Over a period of years it is estimated that some 40-60-thousand Cubans entered Venezuela as “advisers.” It is important to remember that military service is universal in Cuba. So every Cuban is a member of a militia or army unit with a command structure. Venezuela today is for all practical purposes overseen by a foreign occupying army, much like in the satellite countries of the former Soviet Union. The Cubans currently oversee the Venezuelan military, control critical government agencies and institutions, and run the SEBIN or secret police.
While the world was recently learning in horror about the murder and dismemberment of Jamal Khashoggi by Saudi officials, another horrific event was unfolding almost simultaneously in Venezuela. Fernando Alban, a member of the Caracas Libertador Municipal Council, and an opposition leader of Primero Justicia, had traveled to the United Nations to renounce human rights violations by the Maduro regime. Upon his return, he was arrested by the SEBIN and, it is alleged, was brutally beaten and, during his torture, suffocated to death. To cover up the murder, Primero Justicia claims that Alban was thrown from the 10th floor of the SEBIN headquarters. The Maduro regime claimed it was a suicide. It is tragic that hundreds of Venezuelans languish as political prisoners under horrible conditions while Venezuela sits on the U.N. Commission on Human Rights. Let that sink in.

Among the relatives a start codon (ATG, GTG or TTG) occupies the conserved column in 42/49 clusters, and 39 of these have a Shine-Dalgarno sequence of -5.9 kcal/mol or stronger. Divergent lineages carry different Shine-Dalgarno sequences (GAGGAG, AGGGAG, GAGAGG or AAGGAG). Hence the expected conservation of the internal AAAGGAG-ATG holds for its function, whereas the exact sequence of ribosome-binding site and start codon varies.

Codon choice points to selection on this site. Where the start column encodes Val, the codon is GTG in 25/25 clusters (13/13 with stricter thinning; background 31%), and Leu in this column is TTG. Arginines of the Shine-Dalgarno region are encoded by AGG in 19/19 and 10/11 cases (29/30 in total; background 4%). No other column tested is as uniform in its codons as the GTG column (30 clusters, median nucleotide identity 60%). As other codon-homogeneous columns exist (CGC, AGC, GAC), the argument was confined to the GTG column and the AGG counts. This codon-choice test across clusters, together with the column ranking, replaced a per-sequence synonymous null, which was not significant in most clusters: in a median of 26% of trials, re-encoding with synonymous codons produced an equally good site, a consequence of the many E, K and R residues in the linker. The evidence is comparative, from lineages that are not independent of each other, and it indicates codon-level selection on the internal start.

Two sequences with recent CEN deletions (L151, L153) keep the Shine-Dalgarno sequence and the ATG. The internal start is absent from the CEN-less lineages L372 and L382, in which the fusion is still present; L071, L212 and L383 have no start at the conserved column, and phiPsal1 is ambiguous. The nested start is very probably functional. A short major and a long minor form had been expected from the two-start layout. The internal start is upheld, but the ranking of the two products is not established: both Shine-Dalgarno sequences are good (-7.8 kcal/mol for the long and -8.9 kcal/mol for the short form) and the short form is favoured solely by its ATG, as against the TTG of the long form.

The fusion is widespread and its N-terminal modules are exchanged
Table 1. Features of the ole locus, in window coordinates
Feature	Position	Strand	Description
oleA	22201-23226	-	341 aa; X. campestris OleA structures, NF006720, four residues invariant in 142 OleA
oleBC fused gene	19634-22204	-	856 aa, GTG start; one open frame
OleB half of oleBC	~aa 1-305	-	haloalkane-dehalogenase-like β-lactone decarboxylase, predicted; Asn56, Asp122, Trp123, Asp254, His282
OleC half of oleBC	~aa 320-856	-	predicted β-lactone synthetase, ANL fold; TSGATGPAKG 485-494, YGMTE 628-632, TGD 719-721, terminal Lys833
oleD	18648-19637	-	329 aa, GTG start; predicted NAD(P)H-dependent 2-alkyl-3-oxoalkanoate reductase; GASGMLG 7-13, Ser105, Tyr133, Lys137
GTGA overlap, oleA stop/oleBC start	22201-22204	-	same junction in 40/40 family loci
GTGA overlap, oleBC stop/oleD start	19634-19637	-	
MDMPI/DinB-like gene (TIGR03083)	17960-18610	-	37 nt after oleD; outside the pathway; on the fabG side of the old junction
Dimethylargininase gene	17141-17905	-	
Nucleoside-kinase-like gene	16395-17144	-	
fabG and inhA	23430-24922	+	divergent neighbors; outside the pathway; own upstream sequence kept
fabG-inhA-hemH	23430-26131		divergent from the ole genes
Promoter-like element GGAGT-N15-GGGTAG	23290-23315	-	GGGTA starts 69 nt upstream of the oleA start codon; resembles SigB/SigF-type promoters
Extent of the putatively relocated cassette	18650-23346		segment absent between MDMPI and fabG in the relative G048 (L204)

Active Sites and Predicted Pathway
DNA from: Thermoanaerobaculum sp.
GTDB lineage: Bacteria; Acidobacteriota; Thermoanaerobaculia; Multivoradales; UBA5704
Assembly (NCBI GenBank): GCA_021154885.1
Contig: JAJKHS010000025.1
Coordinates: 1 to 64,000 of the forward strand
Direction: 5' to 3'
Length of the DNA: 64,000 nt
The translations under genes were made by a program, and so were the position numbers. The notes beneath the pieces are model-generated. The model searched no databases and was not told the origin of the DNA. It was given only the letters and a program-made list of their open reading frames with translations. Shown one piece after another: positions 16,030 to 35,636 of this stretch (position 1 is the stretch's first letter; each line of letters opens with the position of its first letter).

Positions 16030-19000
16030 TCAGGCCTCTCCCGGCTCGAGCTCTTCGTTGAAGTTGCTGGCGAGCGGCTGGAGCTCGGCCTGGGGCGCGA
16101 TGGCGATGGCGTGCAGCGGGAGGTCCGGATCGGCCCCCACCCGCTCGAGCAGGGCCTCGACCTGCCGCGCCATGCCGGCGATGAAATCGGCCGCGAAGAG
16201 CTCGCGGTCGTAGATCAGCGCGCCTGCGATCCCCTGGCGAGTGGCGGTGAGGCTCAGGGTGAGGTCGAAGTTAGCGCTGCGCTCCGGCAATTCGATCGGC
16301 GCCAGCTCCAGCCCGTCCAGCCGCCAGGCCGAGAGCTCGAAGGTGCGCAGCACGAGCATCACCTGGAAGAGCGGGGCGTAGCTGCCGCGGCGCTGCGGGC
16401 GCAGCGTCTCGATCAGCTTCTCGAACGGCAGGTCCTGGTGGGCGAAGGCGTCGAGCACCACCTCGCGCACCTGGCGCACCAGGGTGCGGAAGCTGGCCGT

The Maduro government now represents a minority of the population. The last several elections were clearly stolen. The regime apparently only believes in fair elections as long as they can win. When elections didn’t serve their purposes, they ignored the results. Maduro didn’t like losing the last congressional elections, so he organized his own “Asamblea Nacional” (ANC), by-passing the legally elected congress. Chavez likewise used his power, not to strengthen democracy, but instead to dismantle it. Interestingly, however, it was the social reformists (AD and COPEI) that actually paved the road for Chavez and his socialist takeover of the economy. During his first term in office, Carlos Andres Perez had nationalized the oil industry. Many cheered not realizing that the only significant private sector counter-weight to the government had been eliminated. It greased the skids for Venezuela’s slide into a complete government takeover of the economy under Chavez.